(CivilSociety) The government will look at changing the law so that organisations engaged in “public interest journalism” can register as charities and benefit from tax breaks, following the publication of an independent review.
Jeremy Wright, the culture secretary, has now written to the Charity Commission to seek its views. The Commission has confirmed that it has recieved the letter.
The Cairncross Review: a sustainable future for journalism, was published by the government yesterday and made a number of recommendations to reform the news industry to help it become more sustainable.
Dame Frances Cairncross, an economist, journalist and academic, was appointed to chair the review in March 2018 and she was advised by a panel of experts from the local and national press, digital and physical publishers and advertising.
One of the recommendations from the review is to amend the Charities Act 2011 and “add the advancement of public interest journalism to the list of charitable purposes”.
The review says that charities benefit from significant tax reliefs because of their charity status and that “the best way for government to affirm the wider societal benefit of public interest news might be by granting charitable status to its providers”.
It suggests that this would also make it easier for news outlets to obtain grants or donations.
Existing law is barrier
“Charities benefit from various tax breaks as a result of their special status, but news organisations are finding it almost impossible to acquire charitable status under the current framework,” the review says.
It is in principle possible for organisations pursuing journalism to register as charities already, but in practice few have done so.
There are 12 existing charitable purposes, including “the advancement of citizenship or community development”. (see the rest below)
The review says the existing law is a barrier because it makes it difficult for charities to undertake “certain political activities such as securing or opposing a change in law, policy or decisions affecting the country” which has “excluded any type of journalism, public-interest or not, from tax exemption”.
This means that “hardly any news organisations have succeeded in registering as charities”, although the report notes that “many think tanks enjoy charitable status”.
The review does not expect larger publishers to benefit from any rule-change, because: “Most of them are commercial endeavours whose owners would be highly unlikely to sacrifice commercial benefits to secure charitable status.”
But it says titles such as The Ferret, Bristol Cable and the Bureau of Investigative Journalism, which focus on “public interest journalism”, could benefit from changes.
The review concedes that “the complexities of charity law mean this may not be straightforward,” and suggests that an alternative would be a new tax relief.
It suggests that this could be done along similar lines to the reliefs available for creative industries that produce film, television or computer games in Britain.
Government to pursue recommendation
Wright has written to the Charity Commission to explore the recommendations.
In a statement to Parliament he said: “The review noted that in the USA, philanthropic donations provide on average 90 per cent of the total revenues of non-profit news publishers.
“Although we have a different media landscape, as the review sets out, charitable status could reduce the costs for those producing this essential public interest reporting, and pave the way for a new revenue stream through philanthropic donations.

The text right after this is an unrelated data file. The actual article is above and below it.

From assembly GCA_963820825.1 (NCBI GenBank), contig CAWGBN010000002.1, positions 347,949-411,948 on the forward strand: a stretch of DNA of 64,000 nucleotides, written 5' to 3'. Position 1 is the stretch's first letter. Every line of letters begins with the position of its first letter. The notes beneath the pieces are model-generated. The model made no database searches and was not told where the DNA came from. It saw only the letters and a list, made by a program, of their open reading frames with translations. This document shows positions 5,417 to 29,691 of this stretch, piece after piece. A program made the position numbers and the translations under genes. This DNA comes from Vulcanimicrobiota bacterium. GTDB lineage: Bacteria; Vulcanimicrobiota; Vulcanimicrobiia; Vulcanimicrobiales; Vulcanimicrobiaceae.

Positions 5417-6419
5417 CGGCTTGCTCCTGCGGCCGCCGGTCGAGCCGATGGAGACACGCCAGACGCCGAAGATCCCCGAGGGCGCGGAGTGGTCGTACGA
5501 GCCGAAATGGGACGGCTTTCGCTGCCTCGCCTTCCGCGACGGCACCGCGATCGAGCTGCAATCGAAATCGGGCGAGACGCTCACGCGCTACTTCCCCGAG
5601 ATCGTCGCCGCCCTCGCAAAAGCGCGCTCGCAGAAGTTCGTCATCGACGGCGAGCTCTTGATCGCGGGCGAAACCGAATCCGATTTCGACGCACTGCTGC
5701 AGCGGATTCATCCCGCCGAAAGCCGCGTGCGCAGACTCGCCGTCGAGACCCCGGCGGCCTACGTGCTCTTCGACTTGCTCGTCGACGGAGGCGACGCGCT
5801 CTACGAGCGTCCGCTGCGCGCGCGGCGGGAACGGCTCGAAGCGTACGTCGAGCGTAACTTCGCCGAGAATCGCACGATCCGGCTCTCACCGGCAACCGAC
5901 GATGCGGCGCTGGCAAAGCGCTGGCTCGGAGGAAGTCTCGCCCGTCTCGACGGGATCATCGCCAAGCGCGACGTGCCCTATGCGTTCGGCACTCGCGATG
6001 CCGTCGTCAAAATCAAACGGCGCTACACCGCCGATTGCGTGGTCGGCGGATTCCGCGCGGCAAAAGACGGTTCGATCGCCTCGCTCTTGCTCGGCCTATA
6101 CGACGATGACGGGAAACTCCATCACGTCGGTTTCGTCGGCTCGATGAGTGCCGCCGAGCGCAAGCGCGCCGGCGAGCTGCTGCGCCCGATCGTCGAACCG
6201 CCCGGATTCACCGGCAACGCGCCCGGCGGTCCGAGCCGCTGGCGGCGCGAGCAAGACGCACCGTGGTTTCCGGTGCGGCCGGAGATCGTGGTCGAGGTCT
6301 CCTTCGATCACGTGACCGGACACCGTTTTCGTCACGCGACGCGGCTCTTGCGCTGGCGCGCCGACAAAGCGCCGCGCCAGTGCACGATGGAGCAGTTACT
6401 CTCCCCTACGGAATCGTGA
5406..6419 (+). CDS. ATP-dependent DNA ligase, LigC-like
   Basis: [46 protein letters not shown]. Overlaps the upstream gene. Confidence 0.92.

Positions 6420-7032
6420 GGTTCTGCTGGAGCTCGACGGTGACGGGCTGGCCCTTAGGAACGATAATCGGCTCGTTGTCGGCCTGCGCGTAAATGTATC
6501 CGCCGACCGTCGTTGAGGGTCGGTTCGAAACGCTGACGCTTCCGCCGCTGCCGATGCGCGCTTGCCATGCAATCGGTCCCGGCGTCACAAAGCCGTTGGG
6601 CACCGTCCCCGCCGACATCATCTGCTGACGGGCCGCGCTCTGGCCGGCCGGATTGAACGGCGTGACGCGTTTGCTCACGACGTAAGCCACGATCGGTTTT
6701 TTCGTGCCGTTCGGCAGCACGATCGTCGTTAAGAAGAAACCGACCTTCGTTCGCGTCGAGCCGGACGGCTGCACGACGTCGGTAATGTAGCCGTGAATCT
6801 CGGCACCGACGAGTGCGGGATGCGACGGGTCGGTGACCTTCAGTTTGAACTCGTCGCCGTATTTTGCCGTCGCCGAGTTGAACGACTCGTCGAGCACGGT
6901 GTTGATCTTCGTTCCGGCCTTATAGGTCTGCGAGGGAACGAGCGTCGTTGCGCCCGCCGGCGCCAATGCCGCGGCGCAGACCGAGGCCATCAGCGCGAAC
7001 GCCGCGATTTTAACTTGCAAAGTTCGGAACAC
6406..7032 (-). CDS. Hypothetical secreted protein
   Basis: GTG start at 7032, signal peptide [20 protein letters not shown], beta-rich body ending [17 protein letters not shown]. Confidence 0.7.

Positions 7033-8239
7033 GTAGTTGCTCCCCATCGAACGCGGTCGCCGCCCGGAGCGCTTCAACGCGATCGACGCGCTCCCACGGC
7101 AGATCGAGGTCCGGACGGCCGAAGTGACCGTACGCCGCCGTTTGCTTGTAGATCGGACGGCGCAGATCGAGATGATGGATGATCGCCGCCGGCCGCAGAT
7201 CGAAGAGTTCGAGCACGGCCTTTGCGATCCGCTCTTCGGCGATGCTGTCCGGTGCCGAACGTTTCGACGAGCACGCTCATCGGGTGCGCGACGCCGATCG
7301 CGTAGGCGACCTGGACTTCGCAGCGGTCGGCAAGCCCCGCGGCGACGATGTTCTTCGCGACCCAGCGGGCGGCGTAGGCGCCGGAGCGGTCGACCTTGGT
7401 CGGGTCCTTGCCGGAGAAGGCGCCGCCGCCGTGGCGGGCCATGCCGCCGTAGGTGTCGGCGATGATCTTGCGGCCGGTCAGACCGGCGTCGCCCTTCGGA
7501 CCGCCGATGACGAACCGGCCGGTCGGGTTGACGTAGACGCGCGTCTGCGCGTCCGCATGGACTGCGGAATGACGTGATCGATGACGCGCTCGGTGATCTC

“I recognise that this avenue has been explored previously, and that some hurdles will have to be cleared, but I believe we should pursue it.
“So I have written to the Charity Commission and look forward to hearing how they can help move this forward.”
The review made a number of other recommendations including the introduction of codes of conduct to rebalance the relationship between publishers and online platforms, regulation of online platforms and the creation of an independent institute for public interest news.
It also calls for an innovation fund and for the BBC to do more through its Local Democracy Reporting Service.
‘Could be a major help’
Lawrie Simanowitz, partner at charity law firm Bates Wells said: “If this type of radical action is not taken, and swiftly, a significant part of the UK media will not survive the next decade.
“The greatest losers will be local communities. The greatest winners will be those in power, who will escape the transparency and the holding to account that journalism brings.
“Allowing some types of press organisation to register as charities would mean they could benefit from tax reliefs, and would encourage donations ranging from small individual sums through to large gifts from philanthropists.”
12 charitable purposes
- The prevention or relief of poverty
- The advancement of education
- The advancement of religion
- The advancement of health or the saving of lives
- The advancement of citizenship or community development
- The advancement of the arts, culture, heritage or science
- The advancement of amateur sport
- The advancement of human rights, conflict resolution or reconciliation or the promotion of religious or racial harmony or equality and diversity
- The advancement of environmental protection or improvement
- The relief of those in need, by reason of youth, age, ill-health, disability, financial hardship or other disadvantage
- The advancement of animal welfare
- The promotion of the efficiency of the armed forces of the Crown, or of the efficiency of the police, fire and rescue services or ambulance services
Fuller explanations of each purpose are available on the Charity Commission’s website.